Exploitation of the Elderly or Disabled Persons
There may be various civil penalties for the abuse, neglect, or exploitation of an elderly or disabled person, and if you live in Florida, there could be criminal penalties too. To be sure, the state of Florida criminal code specifically names the crime of “exploitation of an elderly person or disabled person.” If you are facing criminal charges for this offense in Tampa, Brandon, or surrounding areas of Hillsborough County, Florida, contact our experienced criminal law attorney at All Criminal Defense Law Group, P.A. for counsel you can count on.
What Is Exploitation of the Elderly or Disabled in Florida?
The exploitation of an elderly or disabled person in Florida is a very serious crime. Under Florida Statute Section 825.103, exploitation of an elderly or disabled person is defined as:
- Knowingly using or obtaining, or intending and attempting to obtain and use, such person’s funds or assets with the intent of depriving the person or the funds/assets; or
- Breaching the fiduciary duty owed to the person when the breach results in the sale, transfer, or appropriation of asset/property that is unauthorized.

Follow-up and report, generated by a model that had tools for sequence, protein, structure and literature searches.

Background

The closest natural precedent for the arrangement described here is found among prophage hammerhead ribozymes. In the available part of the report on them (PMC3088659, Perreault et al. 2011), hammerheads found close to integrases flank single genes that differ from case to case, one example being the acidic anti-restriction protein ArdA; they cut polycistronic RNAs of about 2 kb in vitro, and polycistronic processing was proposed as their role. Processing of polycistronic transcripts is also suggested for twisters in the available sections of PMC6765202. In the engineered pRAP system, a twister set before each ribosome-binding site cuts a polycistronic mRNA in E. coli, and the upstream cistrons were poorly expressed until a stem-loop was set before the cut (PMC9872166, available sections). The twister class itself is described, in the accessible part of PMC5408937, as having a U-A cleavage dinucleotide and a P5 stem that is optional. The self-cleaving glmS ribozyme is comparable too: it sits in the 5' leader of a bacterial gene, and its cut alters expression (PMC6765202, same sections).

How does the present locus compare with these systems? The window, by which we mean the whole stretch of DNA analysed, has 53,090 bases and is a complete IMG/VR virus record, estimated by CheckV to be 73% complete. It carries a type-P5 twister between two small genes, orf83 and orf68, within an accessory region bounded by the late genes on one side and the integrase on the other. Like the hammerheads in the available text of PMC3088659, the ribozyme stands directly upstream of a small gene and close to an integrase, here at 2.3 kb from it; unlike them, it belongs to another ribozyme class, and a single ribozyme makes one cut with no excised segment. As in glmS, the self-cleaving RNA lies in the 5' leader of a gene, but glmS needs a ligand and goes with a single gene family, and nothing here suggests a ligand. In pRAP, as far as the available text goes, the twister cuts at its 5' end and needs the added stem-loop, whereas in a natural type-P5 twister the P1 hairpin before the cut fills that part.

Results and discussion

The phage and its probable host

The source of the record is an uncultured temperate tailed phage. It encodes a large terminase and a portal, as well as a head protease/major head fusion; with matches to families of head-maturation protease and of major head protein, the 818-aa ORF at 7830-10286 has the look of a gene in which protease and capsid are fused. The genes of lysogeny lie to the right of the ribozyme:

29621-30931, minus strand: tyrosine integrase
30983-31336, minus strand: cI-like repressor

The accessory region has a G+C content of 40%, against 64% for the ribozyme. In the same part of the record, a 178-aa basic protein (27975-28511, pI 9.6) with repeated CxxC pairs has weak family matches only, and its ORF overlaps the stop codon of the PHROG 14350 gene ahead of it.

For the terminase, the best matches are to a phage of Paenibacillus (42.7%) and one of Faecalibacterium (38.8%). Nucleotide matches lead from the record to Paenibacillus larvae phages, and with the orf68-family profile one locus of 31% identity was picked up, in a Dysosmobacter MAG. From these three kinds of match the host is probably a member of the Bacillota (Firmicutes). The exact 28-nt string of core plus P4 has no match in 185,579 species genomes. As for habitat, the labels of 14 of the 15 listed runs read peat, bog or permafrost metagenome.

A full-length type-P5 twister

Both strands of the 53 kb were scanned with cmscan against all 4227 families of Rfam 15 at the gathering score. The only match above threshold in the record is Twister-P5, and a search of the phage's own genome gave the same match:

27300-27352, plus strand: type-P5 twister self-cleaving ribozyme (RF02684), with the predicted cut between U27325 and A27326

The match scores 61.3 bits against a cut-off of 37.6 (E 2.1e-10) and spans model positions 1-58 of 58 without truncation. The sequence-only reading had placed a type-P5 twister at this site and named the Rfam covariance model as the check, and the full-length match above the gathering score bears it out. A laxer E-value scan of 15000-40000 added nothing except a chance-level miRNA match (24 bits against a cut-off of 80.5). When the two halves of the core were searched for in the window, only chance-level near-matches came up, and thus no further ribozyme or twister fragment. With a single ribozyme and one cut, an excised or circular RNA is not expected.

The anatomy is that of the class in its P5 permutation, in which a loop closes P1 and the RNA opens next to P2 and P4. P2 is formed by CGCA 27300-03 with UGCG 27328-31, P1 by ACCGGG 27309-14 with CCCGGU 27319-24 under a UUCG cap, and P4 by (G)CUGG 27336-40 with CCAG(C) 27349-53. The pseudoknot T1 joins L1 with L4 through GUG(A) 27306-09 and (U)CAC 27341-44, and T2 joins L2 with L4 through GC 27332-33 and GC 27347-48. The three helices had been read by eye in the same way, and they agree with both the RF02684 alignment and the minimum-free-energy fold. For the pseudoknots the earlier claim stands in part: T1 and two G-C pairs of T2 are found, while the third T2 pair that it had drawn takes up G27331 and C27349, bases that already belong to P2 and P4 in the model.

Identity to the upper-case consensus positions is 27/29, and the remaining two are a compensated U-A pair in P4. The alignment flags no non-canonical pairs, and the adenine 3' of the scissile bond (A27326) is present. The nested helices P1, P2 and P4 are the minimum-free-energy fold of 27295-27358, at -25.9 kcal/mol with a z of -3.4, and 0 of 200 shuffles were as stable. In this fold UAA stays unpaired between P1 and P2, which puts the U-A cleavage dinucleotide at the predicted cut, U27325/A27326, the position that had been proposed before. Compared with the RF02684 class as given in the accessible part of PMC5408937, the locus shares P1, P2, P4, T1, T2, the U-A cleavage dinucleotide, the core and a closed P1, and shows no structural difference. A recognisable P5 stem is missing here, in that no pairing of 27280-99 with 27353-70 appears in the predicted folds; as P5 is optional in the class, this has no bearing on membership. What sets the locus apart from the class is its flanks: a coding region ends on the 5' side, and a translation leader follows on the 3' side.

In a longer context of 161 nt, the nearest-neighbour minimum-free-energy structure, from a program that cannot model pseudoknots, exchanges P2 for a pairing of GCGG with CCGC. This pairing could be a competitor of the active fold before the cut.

In the first definition, in which a person commits a crime of exploitation by using or obtaining an elderly or disabled person’s funds or assets, the person must:
- Have a relationship of trust with the elderly person; or
- Have a business relationship with the elderly person; or
- Reasonably know that the elderly or disabled person lacks the ability to consent (to the financial matter).
Penalties for Exploitation of an Elderly or Disabled Person Under Florida Law
The manner in which the crime of exploitation of an elderly or disabled person is classified in Florida depends on the amount of money involved. To be sure, Florida law explains that if the amount of money is:
- Less than $10,000, the crime is classified as a third degree felony;
- At least $10,000, but less than $50,000, the crime is classified as a second degree felony; and
- At least $50,000 or more, the crime is classified as a felony of the first degree.
Felony charges are very serious in Florida. To be sure, Florida Code 775.082 explains that in the state, a first-degree felony could be penalized by up to 30 years in prison. A second degree felony is punishable by a prison sentence of up to 15 years, and a felony of the third degree is punishable by up to five years in prison. Prison in itself is bad enough, but a criminal charge could also include fees that are charged, potential probationary periods, a requirement to pay restitution, a community service or education requirement, and more. Of course, a felony charge will remain on your criminal record for years to come–potentially for the remainder of your life–and could affect housing, employment, education, and more.
Contact All Criminal Defense Law Group, P.A. Today
If you are facing criminal charges for the exploitation of a disabled or elderly person, you need an attorney on your side. At the offices of All Criminal Defense Law Group, P.A. or talented Tampa criminal law attorney has decades’ worth of experience and success, and is ready to serve you. Contact us today for a free consultation.